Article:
The cost of Australia's asylum policy

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  Download factsheet: The cost of Australia's asylum policy - A guide to sources

This factsheet provides a guide to sources on the financial cost of Australia’s asylum policy, as well as information regarding the economic contribution of refugees.

How much does Australia’s asylum policy cost?

The exact financial cost of Australia’s asylum seeker policy can be very difficult to establish. This is because expenditure ranges across a number of government programs and portfolios. 

Sources detailing expenditure in this area of policy are listed below. 

Sources

National Commission of Audit

In April 2014, the National Commission of Audit reported that between 2009-10 and 2013-14 annual expenditure on the detention and processing of asylum seekers who arrived by boat increased from $118.4 million to $3.3 billion. 

The Commission reported that it costs:

  • $400,000 a year to hold an asylum seeker in offshore detention; 
  • $239,000 to hold them in detention in Australia; 
  • less than $100,000 for an asylum seeker to live in community detention; and,
  • around $40,000 for an asylum seeker to live in the community on a bridging visa while their claim is processed

Senate Estimates

Some details on expenditure for individual detention centres, both onshore and offshore, can be found through Senate Estimates transcripts and additional documents. Recent figures include operational, capital and/or health care costs for the Manus Island Regional Processing Centre; Nauru Regional Processing Centre; Christmas Island Immigration Detention Centre; and Yongah Hill Immigration Detention Centre. 

Federal Budget

The Mid-Year Economic and Fiscal Outlook 2015-16 showed increased expenditure on the offshore detention, processing and settlement of asylum seekers and refugees. Under the 2016-17 Federal Budget, total funding for the detention and processing of asylum seekers on Manus Island and Nauru is estimated at around $880.5m for 2016-17. In relation to the management of asylum seekers who arrived by boat and are in Australia, total expenses for the last financial year 2015-16 are estimated at $1.2b. The 2016-17 budget provides for the closure of three mainland detention facilities and capital works on other centres, as well as additional funds of $39.8m to support asylum seekers who arrived in Australia with a valid visa during the processing of their protection claims. 

In addition to the cost of detention and processing discussed above, there are additional areas of expenditure for the maritime interception of asylum seekers and measures to combat people-smuggling. These include:

  • Department of Immigration and Border Protection funding for the placement of Australian Border Force officials in Indonesia, Malaysia and Sri Lanka.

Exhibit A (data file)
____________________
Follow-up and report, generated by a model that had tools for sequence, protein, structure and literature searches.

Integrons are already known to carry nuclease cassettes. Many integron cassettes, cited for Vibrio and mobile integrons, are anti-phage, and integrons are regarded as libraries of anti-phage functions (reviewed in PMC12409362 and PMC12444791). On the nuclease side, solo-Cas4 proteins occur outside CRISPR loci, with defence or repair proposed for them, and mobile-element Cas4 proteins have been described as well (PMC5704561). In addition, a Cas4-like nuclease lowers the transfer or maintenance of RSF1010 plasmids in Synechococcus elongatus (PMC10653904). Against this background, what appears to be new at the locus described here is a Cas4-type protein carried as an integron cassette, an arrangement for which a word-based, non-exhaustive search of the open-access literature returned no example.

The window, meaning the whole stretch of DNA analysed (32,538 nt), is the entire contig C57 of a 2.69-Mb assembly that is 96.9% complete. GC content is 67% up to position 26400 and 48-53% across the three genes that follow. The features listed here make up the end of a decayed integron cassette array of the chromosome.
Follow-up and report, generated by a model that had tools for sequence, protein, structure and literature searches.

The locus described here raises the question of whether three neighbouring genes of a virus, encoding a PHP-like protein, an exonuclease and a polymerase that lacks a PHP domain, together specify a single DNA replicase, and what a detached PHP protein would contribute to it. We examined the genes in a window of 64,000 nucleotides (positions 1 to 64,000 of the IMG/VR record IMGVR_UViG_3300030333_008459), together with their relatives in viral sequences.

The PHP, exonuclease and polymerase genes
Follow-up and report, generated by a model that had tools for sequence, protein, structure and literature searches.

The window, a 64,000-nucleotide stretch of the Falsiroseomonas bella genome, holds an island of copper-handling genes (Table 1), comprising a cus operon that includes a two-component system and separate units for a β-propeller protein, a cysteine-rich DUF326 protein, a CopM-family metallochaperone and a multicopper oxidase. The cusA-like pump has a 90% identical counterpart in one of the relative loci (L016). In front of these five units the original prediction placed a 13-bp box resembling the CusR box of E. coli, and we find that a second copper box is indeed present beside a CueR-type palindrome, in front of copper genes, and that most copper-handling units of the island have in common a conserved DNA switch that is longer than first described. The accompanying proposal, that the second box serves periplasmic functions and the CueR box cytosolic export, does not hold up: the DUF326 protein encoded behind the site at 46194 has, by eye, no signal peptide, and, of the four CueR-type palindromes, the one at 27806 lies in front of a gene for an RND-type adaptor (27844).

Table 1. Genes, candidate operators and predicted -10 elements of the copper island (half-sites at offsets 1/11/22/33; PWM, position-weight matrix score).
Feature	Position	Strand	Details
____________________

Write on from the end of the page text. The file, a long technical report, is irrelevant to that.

• Department of Foreign Affairs and Trade funding for an Ambassador for People Smuggling and Human Trafficking, and taskforces and high-level meetings related to the Bali Process. 
  • Department of Defence funding for Operation Resolute, which contributes to the protection of Australia’s border and maritime interests, including the maritime interception of asylum seekers. 

The Commonwealth Parliamentary Library has a useful guide to the terminology and concepts in the Federal Budget, as well as a factsheet outlining costs of asylum policy.

Committee inquiries 

Reports from committee inquiries relating to asylum policy may include references to the cost of services or facilities. Recent reports include:

  • Joint Select Committee on Australia’s Immigration Detention Network, 2012 report
  • Select Committee on the Recent Allegations relating to Conditions and Circumstances at the Regional Processing Centre on Nauru, 2015 report
  • Senate Standing Committee on Legal and Constitutional Affairs, Incident at the Manus Island Detention Centre from 16 to 18 February 2014, 2014 report

Studies of detention costs

  • A 2015 report by the International Detention Coalition on alternatives to detention found that Australia spends twice as much detaining an asylum seeker onshore than the United States, Canada, or countries within Europe, at an estimated $655 per person per day.
  • A 2011 study indicated that the cost of mental health care over the course of one person’s lifetime can increase considerably – by up to 50% more than the average person, or $25,000 - if that person has been held for a lengthy period in immigration detention.
  • A 2007 study jointly published by Oxfam Australia and A Just Australia estimated that processing asylum seekers on Manus, Nauru and Christmas Island during the period 2001 and 2007 cost around $1 billion. 


What economic contribution do refugees make to a community?

Studies have shown that refugees can bring material, cultural and demographic benefits to the communities in which they settle. While refugees may find it difficult to get jobs initially, over time their labour participation rate increases and they can make a significant economic contribution. This contribution can be facilitated by appropriate policy responses.

Studies examining the economic contribution of refugees are listed below. 

Australian resources

International resources